In evidence-based medicine, statistical information is critical for investigators to interpret observations and make treatment recommendations. A voice of dissent opposing over-reliance on p-value based decision making — the widely accepted and overly practiced method for analyzing clinical trial data — is becoming stronger in the research fraternity. Several recent publications in reputed journals are questioning the popularity of the concept of ‘’statistical significance.”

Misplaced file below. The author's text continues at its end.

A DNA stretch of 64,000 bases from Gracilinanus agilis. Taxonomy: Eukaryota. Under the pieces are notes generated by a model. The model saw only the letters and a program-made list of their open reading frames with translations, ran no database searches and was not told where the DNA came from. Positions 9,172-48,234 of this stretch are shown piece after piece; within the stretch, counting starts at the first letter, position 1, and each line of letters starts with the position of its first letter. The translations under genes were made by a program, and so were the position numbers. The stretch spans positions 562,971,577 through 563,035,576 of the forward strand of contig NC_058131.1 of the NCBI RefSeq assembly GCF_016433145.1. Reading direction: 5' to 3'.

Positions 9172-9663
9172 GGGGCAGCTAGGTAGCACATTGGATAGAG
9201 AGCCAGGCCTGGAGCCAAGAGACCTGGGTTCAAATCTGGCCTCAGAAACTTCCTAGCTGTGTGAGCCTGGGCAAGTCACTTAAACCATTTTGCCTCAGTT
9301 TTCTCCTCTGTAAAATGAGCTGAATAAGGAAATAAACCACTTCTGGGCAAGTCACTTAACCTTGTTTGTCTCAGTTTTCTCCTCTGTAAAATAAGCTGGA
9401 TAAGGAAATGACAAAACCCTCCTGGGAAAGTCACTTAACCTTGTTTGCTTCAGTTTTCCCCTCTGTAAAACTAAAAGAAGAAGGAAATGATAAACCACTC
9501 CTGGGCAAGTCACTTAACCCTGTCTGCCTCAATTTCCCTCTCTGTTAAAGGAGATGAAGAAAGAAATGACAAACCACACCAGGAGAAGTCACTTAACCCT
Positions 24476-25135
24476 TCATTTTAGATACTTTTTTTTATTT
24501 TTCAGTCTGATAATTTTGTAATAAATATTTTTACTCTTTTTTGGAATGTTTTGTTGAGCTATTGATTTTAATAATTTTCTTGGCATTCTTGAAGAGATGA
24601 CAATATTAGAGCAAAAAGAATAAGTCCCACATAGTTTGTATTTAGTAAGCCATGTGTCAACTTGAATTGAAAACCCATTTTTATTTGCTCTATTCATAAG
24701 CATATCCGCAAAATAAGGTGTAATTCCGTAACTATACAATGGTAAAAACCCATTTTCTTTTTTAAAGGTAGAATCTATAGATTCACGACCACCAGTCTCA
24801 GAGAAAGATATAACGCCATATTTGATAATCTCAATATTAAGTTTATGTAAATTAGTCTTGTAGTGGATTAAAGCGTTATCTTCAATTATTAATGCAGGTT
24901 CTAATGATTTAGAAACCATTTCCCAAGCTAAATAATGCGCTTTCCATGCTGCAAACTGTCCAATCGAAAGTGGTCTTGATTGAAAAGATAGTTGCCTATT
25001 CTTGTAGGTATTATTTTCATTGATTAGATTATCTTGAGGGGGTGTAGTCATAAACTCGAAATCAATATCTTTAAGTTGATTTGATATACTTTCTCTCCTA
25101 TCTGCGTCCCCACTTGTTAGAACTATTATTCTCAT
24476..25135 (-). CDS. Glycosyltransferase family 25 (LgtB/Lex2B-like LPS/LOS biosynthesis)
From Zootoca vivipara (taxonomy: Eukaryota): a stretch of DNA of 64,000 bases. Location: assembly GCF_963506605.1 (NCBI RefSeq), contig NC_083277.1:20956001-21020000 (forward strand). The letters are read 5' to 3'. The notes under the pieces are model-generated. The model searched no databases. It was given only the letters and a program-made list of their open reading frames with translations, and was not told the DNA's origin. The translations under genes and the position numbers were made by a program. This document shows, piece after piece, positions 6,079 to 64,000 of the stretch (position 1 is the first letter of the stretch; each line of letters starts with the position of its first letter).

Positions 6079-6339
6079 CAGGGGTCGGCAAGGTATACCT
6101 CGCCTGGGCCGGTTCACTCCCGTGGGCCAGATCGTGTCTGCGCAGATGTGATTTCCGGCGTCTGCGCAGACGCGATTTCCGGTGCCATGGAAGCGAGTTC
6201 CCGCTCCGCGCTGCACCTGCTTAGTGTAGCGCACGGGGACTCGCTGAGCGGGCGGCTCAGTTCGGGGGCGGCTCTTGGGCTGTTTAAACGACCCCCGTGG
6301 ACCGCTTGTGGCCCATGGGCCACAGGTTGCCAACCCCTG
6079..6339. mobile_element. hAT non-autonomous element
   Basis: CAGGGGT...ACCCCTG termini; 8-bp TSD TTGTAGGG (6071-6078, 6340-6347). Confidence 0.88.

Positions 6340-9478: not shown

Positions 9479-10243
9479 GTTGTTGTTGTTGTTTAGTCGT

The p-value was introduced to statistics not as a definitive test but as a tool to judge the probability of evidence gathered from an experiment holding true when the experiment is repeated. In brief, p-values range from 0 to 1; and the lower the value, the lower the probability of the results being attributed to pure chance. Conventionally, a p-value of 0.05 is the threshold to determine reliability, and consequently, publication-worthiness. This threshold, nevertheless, is random and the p-value is essentially more of a pragmatic tool, which when combined with background knowledge, could lead to a better scientific understanding. In fact, Regina Nuzzo, a professor at Gallaudet University, in her award-wining article opines that the magical 0.05 is a boundary too permeable to be taken seriously, as adding some extra data can change an effect from being significant to non-significant.